Fig. 8
Fig. 8

Inhibitors of histone acetyltransferases rescue the effect of PRMT5 loss of activity. a Representative confocal images of OPCs cultured in differentiating conditions for 24 and 48 h with DMSO, GSK591, GSK591 + KAT inhibitors, KAT inhibitors (Butyrolactone-3, 100 μM and NU-9056, 0.2 μM) alone, and with the HDAC inhibitor Trichostatin A (TSA, 20 nM). Cells were then stained for CNP (red), MBP (white), H4K5ac (green), and DAPI (blue) (scale bar: 10 μm). b Scatter plots of the average number of CNP+ (24 h, upper panel) and MBP+ (48 h, lower panel) cell relative to total DAPI+ cells counted in five wells from three biological replicates. An average number of 367 cells was counted per condition and referred as percentage of the values in the DMSO treated cells. One-way ANOVA with multiple comparison test, *p < 0.05, **p < 0.01, and ***p < 0.001. c, d qRT-PCR of (c) early (Gpr17, Myt1) and (d) late (Cnp, Mbp) oligodendrocyte lineage gene transcripts measured in six independent preparations and normalized to the geo-mean of three housekeeping genes (18s, Wdr33, and Pja2) and to the internal control (DMSO) at 48 h after treatment. Values were referred to those of the internal control samples (DMSO). One-way ANOVA with Bonferroni multiple comparison test performed for each gene relative to control (*p < 0.05, **p < 0.01, and ***p < 0.001). n = 6 independent preparations

Together, these data highlight the importance of the PRMT5-mediated cross-talk between histone methylation and acetylation and the role it plays in OL differentiation. In conclusion, this study reveals a biologically significant role for PRMT5 in OL biology, by unveiling the existence of an important cross-talk between symmetric arginine methylation and lysine acetylation on histone tails regulating differentiation and survival of the OPCs.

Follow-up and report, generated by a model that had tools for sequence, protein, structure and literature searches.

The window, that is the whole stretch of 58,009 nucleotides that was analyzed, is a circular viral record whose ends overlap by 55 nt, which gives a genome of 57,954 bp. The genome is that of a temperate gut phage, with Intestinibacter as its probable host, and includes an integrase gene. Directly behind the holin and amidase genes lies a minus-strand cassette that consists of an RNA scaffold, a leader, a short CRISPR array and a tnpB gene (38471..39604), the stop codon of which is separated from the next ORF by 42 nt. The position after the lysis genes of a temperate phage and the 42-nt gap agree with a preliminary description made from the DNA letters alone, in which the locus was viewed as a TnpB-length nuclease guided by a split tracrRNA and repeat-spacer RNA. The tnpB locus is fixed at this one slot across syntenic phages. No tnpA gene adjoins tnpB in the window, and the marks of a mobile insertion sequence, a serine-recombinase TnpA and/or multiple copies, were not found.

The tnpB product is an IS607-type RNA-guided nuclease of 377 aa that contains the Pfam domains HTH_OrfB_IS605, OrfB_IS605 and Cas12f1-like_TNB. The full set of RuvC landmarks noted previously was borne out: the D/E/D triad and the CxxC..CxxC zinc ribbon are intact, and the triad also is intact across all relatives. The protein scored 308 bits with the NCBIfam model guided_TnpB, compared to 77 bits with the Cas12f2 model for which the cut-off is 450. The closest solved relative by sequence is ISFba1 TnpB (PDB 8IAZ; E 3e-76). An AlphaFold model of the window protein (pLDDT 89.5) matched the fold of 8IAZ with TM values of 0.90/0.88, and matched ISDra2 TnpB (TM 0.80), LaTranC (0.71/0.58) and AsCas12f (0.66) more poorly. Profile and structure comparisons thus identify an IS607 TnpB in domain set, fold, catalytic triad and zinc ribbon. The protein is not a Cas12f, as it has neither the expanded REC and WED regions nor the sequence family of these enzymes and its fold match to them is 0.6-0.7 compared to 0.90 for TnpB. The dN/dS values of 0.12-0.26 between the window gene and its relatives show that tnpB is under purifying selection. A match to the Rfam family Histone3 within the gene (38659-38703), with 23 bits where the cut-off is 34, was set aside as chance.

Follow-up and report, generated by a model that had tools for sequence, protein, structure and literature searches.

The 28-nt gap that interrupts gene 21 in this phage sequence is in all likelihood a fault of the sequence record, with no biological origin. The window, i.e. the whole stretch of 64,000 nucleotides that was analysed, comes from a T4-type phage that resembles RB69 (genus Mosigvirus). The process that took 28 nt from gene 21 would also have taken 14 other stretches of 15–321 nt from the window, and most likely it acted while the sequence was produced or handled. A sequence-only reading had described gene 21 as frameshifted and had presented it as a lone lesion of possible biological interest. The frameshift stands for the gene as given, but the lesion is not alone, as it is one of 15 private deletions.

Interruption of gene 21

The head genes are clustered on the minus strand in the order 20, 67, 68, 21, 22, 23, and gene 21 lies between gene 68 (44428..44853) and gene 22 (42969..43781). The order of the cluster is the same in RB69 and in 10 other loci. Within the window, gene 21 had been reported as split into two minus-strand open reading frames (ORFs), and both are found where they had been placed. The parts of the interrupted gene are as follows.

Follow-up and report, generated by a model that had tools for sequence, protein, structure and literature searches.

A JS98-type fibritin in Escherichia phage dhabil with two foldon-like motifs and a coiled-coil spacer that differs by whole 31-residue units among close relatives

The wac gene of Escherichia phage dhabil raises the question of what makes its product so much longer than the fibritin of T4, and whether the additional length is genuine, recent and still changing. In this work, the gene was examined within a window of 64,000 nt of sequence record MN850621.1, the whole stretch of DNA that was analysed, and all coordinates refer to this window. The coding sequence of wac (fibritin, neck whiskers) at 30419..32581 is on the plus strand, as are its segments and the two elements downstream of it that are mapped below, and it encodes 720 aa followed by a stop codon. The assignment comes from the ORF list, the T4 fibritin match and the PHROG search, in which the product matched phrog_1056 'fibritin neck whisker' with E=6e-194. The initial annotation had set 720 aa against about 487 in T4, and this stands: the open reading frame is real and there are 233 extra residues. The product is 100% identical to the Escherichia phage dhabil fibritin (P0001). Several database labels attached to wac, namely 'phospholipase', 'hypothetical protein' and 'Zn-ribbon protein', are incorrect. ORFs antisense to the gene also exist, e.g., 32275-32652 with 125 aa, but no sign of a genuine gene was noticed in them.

Discussion

OLs, the myelin-forming cells of the CNS, differentiate from progenitor cells, and the epigenetic and transcriptional changes defining this transition have been the subject of extensive investigation48. Despite general agreement on the role of histone deacetylation for the early stages of differentiation2,5,6,7,9,49, the events preceding this important hallmark of differentiation have not been thoroughly characterized. Here we focus on PRMT5, an enzyme which is expressed at high levels in OL lineage cells17,18 and in gliomas28 and characterize the functional significance of a relatively under-investigated modification of nucleosomal histones50.

Symmetric methylation of histone arginine residues catalyzed by PRMT5 emerges as an important negative regulator of histone acetylation, during the differentiation of OPCs. We and others have previously shown that proliferating OPCs are characterized by high levels of nuclear histone acetylation. This likely reflects the absence of PRMT5 from the nucleus of these cells and  its localization -  together with newly formed histone proteins - in their cytoplasm 51,52,53,54. This cytosolic localization is consistent with previous reports in ES cells55. As OPCs stop proliferating and exit from the cell cycle, transcriptional regulators of this transition are also subject to nucleo-cytoplasmic shuttling: with E2F1 becoming mostly cytosolic56 and P53 becoming mostly nuclear57. This is when PRMT5 becomes nuclear and symmetric histone arginine methylation is detected in the nucleus of differentiating OPCs. It has been previously suggested that PRMT5-dependent methylation of specific arginine residues58 on P53 impacts its subcellular localization and promotes cell cycle exit. Our data do not support this model in OPCs, as nuclear P53 and high levels of P53 target gene expression were still detected in OPCs lacking PRMT5 enzymatic activity. In addition, we did not detect any prominent effect of PRMT5 on proliferating OPCs, and this is in contrast with previous reports of growth arrest consequent to PRMT5 inhibition in tumor cells40,41. The discrepancy between our results obtained in OPC studied in physiological conditions and previous reports in cancer cells suggest that the previously reported direct interaction between PRMT5 and P53 may not be physiologically relevant for OPCs.